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Here comes another train, and it's a big one for 49ers

By Mark Purdy, San Jose Mercury News Published: December 18, 2012

Hey, math doesn't lie. The last 10 Super Bowls featured 20 teams. Thirteen of those 20 got there after earning first-week byes.

The 49ers currently are seeded second in the NFC, with Green Bay just half a game behind and pressing. A loss by the 49ers at Seattle on Sunday, combined with a likely Packers victory over Tennessee, would put the Packers in the second spot heading into the season's final week.

Thus, the Seattle showdown, which is conveniently scheduled two days after the Mayan forecasters are predicting Armageddon. The 49ers have showed us much good stuff over the past two seasons. But asking them, just seven days later, to ramp up again on the road and hit the same intensity level they attained in New England ... it's no given.

”This game will be the same, I really believe that,“ Harbaugh said, acknowledging that the Patriots game was a draining experience and that he might take it into account by dialing back some of the practice physicality this week.

”I think it's something to take a look at and probably implement,“ Harbaugh said.

For at least one key player, there won't be a choice. Justin Smith, who is both the Washington Monument and Lincoln monument of the 49ers' defensive line, sustained an arm injury at New England that makes his status uncertain for Seattle. Harbaugh conceded that when Smith left the game in the second half, it affected the defense's ability to thwart the Patriots' 28-point comeback.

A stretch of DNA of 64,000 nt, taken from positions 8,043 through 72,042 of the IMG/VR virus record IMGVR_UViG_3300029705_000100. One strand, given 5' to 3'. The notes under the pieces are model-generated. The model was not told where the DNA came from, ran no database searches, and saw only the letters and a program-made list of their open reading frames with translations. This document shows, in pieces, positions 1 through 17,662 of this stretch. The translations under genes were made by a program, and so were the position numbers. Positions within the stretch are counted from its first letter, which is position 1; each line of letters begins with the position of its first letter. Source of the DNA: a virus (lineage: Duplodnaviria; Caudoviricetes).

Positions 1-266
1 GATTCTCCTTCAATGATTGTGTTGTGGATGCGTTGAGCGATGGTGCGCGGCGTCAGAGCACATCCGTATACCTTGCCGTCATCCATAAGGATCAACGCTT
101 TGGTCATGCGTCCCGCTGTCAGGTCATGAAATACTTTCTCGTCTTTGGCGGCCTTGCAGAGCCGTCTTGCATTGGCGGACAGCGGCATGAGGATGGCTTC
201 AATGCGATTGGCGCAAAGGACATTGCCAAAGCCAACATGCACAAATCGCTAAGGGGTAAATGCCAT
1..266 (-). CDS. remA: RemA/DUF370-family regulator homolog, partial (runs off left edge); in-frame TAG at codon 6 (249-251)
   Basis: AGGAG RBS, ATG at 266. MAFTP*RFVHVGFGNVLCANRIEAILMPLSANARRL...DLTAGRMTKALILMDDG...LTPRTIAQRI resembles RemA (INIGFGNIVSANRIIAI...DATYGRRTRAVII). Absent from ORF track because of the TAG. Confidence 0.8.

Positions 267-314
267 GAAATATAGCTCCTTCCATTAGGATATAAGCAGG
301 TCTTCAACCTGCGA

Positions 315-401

If Smith can't play against the Seahawks, his leadership will be missed as much as his football skills.

On offense, it would be nice to see Mario Manningham back in the lineup at wide receiver. But he also is iffy. Heck, every 49er is probably sore somewhere. It is why getting that extra week off in the playoff tournament can be so crucial.

Could the 49ers still reach the Super Bowl as a third or fourth seed? Sure. The New York Giants did it as a sixth seed last year. If a team from a wild-card round reaches the game, it often performs well. Probably, that's because of the traditional extra week between the conference title games and the Super Bowl. It puts the two competing teams on more equal footing.

Still, forever and always, getting to the Super Bowl is the hardest part. And it is much easier with a first-round bye. Any serious 49ers historian should knows this. Remember the franchise's five Super Bowl champions from back in the day? Remember how many of those teams reached the game without a bye in the wild-card round?

The correct answer is none. All five avoided it. Winning in Seattle might be technically optional. For a genuine Super Bowl candidate, it is all but compulsory. And bigger than New England.

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